Offshore wind continues to power up despite market uncertainty
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Uncertainty is the new normal thanks to the COVID-19 pandemic that continues to sweep the globe with nearly 1.8 million cases worldwide and 111,828 deaths reported to date.
The impact of restrictions and lockdowns put in place to limit or moderate the spread of the virus have resulted in oil and gas companies slashing capital expenditure due to low oil prices.
However, the offshore wind sector might buck the trend to some degree with Norwegian state energy company Equinor proceeding with a 4.8 billion Norwegian crown ($730m) Hywind Tampen floating offshore wind turbine project to provide electricity to North Sea oil and gas platforms.
By reducing the use of gas turbines on these fields, the project is expected to reduce carbon dioxide emissions by more than 200,000 tonnes per year, or about equal to 100,000 cars.
There is delicious irony in Equinor proceeding with a renewable energy project that will be used to lower emissions from a fossil fuel project after the company cut its 2020 capital spending from $US10-11bn ($15.6-17.2bn) to $US8.5bn.
“As the whole industry is currently experiencing much uncertainty, it is vital that we progress projects that spur technology development in the renewables segment and create spin-off effects for the Norwegian supplier industry,” executive vice president for technology, projects and drilling Anders Opedal said.
Meanwhile, Danish company Ørsted remains optimistic about the prospects of the offshore wind sector.
The world’s largest offshore wind farm developer told Reuters that while the pandemic could delay project timelines, it would not influence investment decisions and general confidence in the sector.
It noted that its Taiwanese offshore wind projects had not been affected and that it was optimistic about its growth potential in Japan.
“There is strong fundamental need for offshore wind power in Japan,” Ørsted Asia-Pacific president Matthias Bausenwein said.
He pointed to the country’s plan to boost renewable energy, which included a legal framework for the development and construction of offshore wind facilities, and its need to replace some coal-fired and nuclear power.
Non-profit association World Forum Offshore Wind earlier this year noted that 5.2 gigawatts (GW) of generation capacity was installed in 2019, a 24 per cent increase over the previous year.
Total cumulative installed offshore capacity is forecast to reach 160GW by 2028 and while this might see some delays thanks to the impact of COVID-19, it still provides an indication on the potential growth of the sector.
And this is good news for rare earths explorers and producers – particularly those with significant neodymium-praseodymium (NdPr) content in their projects – as almost all offshore wind power generators use direct drive technology to increase efficiency and reduce the need for maintenance.
Direct drive motors require substantial use of neodymium-iron-boron (NdFeB) permanent magnets, with larger offshore towers using 500kg of NdFeB magnets per megawatt of output.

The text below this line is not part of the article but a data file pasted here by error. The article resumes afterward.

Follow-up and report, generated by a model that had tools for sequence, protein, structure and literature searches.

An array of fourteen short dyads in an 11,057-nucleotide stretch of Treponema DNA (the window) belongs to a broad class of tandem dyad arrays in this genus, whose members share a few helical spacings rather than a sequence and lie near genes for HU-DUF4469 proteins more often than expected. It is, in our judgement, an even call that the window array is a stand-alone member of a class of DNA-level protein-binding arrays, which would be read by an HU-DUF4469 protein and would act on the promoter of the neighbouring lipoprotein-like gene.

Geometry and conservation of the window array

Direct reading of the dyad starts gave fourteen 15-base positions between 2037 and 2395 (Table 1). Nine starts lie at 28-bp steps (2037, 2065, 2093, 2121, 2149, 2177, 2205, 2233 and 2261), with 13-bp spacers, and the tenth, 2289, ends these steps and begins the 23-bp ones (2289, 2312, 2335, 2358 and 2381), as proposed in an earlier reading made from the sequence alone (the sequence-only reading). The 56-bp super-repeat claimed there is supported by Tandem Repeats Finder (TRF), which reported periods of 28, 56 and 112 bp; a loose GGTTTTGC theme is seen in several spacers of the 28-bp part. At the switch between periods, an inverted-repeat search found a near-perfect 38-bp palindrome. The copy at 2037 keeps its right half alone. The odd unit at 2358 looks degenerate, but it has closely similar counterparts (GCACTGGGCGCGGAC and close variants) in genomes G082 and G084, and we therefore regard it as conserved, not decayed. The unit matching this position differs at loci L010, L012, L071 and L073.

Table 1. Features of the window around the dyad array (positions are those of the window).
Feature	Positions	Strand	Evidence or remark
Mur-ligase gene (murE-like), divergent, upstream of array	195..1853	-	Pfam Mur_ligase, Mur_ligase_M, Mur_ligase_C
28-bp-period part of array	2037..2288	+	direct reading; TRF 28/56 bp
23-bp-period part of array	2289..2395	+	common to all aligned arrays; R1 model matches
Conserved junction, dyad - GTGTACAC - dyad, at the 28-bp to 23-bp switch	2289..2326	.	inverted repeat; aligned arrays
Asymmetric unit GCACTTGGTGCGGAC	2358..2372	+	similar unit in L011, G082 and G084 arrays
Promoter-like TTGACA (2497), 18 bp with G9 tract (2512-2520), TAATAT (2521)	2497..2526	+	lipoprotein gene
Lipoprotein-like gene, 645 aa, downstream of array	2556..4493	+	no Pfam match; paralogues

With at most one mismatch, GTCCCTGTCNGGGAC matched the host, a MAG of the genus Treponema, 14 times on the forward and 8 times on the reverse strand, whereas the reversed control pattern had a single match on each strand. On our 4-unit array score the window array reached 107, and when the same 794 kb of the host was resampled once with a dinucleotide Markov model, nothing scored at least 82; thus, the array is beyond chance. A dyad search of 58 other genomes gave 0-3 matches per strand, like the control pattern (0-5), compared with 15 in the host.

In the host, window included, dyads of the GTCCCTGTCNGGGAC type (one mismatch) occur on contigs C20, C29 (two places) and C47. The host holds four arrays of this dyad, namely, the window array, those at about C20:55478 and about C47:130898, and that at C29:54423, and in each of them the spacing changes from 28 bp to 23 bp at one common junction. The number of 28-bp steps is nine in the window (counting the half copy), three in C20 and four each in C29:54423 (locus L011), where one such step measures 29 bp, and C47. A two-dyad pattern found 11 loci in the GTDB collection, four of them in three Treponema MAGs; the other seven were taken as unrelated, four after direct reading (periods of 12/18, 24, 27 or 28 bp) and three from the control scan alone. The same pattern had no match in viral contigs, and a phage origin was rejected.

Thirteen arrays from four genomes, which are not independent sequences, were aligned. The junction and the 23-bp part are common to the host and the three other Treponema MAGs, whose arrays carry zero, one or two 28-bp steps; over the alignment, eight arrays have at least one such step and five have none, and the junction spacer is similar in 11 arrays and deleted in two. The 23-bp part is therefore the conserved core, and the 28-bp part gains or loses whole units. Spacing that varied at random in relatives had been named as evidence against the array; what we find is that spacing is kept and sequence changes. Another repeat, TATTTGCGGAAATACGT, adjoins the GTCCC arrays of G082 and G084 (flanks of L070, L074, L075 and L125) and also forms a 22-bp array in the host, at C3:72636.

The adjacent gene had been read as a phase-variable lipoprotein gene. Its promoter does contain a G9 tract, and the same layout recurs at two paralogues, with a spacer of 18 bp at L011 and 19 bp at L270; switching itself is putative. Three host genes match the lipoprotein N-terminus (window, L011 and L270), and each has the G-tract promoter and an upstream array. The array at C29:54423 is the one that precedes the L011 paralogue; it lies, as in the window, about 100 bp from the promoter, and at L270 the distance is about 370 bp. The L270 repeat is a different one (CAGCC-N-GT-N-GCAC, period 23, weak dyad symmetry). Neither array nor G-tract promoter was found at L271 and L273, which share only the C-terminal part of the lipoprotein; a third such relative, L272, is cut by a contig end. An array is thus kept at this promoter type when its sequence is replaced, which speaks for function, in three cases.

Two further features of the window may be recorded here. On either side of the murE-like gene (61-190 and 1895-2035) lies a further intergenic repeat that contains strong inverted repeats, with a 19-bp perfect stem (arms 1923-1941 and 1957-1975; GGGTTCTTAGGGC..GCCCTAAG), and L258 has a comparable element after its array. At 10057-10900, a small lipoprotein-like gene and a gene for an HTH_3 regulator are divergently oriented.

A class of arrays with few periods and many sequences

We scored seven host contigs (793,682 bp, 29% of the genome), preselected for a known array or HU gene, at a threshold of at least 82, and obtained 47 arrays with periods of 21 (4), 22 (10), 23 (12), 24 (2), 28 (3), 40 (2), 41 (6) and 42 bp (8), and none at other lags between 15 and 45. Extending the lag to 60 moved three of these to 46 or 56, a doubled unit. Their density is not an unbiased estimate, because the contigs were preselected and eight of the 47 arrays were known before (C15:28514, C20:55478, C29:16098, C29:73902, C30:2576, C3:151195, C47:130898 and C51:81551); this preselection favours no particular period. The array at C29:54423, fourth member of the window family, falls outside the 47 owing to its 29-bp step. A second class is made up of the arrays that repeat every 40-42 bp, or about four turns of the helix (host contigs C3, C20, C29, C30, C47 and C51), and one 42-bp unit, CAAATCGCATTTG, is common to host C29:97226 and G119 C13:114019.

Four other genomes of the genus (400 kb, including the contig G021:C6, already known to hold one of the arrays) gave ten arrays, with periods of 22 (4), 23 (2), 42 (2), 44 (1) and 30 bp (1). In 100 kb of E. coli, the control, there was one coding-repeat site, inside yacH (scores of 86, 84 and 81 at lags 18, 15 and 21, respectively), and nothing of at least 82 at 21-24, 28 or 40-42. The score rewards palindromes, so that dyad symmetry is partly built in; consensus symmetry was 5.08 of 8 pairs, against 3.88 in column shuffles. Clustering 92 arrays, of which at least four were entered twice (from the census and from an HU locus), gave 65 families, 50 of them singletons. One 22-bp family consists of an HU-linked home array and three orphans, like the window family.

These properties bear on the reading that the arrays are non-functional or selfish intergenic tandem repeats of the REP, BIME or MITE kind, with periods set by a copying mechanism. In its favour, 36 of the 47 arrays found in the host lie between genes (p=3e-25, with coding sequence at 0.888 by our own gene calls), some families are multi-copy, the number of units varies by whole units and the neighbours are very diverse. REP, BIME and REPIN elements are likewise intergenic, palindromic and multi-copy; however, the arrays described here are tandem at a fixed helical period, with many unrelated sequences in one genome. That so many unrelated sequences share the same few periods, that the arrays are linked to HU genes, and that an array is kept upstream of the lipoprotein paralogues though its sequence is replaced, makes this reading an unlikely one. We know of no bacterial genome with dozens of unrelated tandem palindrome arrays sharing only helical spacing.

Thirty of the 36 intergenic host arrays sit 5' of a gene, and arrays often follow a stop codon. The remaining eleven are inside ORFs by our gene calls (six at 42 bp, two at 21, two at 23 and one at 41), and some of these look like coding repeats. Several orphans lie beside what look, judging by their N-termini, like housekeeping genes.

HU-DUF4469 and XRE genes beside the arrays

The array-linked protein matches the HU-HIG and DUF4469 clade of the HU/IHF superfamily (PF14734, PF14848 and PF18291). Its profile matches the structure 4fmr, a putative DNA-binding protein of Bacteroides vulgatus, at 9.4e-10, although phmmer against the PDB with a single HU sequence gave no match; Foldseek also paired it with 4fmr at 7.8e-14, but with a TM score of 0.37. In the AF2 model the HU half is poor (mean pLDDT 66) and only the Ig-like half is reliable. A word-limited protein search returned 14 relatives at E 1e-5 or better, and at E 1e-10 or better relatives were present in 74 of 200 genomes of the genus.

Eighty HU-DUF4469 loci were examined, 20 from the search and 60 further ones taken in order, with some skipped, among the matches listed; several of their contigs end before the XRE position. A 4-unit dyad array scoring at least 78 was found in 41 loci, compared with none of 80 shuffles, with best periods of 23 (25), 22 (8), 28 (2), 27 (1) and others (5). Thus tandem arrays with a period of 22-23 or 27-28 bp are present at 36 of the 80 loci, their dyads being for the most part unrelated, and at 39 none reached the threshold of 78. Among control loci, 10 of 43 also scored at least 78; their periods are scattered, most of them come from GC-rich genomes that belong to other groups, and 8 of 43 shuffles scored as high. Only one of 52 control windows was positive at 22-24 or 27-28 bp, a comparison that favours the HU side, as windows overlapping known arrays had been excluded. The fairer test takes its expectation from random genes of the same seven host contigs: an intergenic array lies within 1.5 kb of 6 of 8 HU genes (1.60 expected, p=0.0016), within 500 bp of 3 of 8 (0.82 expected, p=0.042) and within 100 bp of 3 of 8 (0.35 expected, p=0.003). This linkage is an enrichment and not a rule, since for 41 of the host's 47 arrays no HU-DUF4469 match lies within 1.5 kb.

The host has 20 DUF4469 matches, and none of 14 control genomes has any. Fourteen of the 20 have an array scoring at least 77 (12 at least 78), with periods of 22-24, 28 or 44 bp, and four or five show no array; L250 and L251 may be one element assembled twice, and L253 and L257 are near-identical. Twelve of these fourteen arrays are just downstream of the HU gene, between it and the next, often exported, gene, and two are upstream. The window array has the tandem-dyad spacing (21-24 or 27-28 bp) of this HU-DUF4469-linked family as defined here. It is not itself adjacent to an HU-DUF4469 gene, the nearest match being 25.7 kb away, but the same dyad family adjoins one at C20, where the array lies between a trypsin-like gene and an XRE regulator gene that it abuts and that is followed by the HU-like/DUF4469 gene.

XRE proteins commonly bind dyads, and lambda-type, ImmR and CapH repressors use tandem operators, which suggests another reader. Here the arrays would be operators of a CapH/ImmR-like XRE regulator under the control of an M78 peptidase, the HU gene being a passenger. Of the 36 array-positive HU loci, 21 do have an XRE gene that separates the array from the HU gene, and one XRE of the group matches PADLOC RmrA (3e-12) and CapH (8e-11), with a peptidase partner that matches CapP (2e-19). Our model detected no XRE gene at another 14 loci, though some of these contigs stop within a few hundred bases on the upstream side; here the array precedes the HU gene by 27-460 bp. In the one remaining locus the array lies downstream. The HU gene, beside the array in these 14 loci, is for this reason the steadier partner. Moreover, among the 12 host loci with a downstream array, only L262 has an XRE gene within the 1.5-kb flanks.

Arafura Resources (ASX:ARU), whose Nolans project in the Northern Territory is centred around NdPr, is particularly keen on the growth of the offshore wind sector with its general manager of sales and marketing Lloyd Kaiser telling Stockhead last month the company believed that the sector would continue to accelerate.
The company is continuing its metallurgical test work and is progressing pre-front end engineering and design activities.
Nolans has a reserve of 29.5 million tonnes grading 2.9 per cent total rare earth oxides.
Hastings Technology Metals (ASX:HAS) has just received Commonwealth environmental approvals for its Yangibana rare earths project in Western Australia.
The approvals include the construction and operation of an open pit rare earths mine, processing facility and associated support infrastructure.
The company has the option to increase its stake in the project to 60 per cent once further milestones are completed.
Makutuu has an initial resource of 47.3 million tonnes grading 910 parts per million, or about 0.09 per cent, total rare earth oxides.
Earlier this month, Pensana Rare Earths’ (ASX:PM8) drilling intersected further high-grade zones at its Longonjo NdPr project in Angola.
The drill program is expected to allow the company to upgrade at least part of its inferred resource to the higher confidence indicated category so it can be included in the mine plan on completion of its definitive feasibility study work programs.
RareX (ASX:REE) owns the Cummins Range project in Western Australia that is believed to contain a significant percentage of NdPr.
The project is drill ready with all government approvals in place and heritage clearance currently being completed.
RareX recently signed up Talaxis, a specialist rare earths project developer and wholly-owned subsidiary of Noble Group, as a strategic partner to help drive development of the project.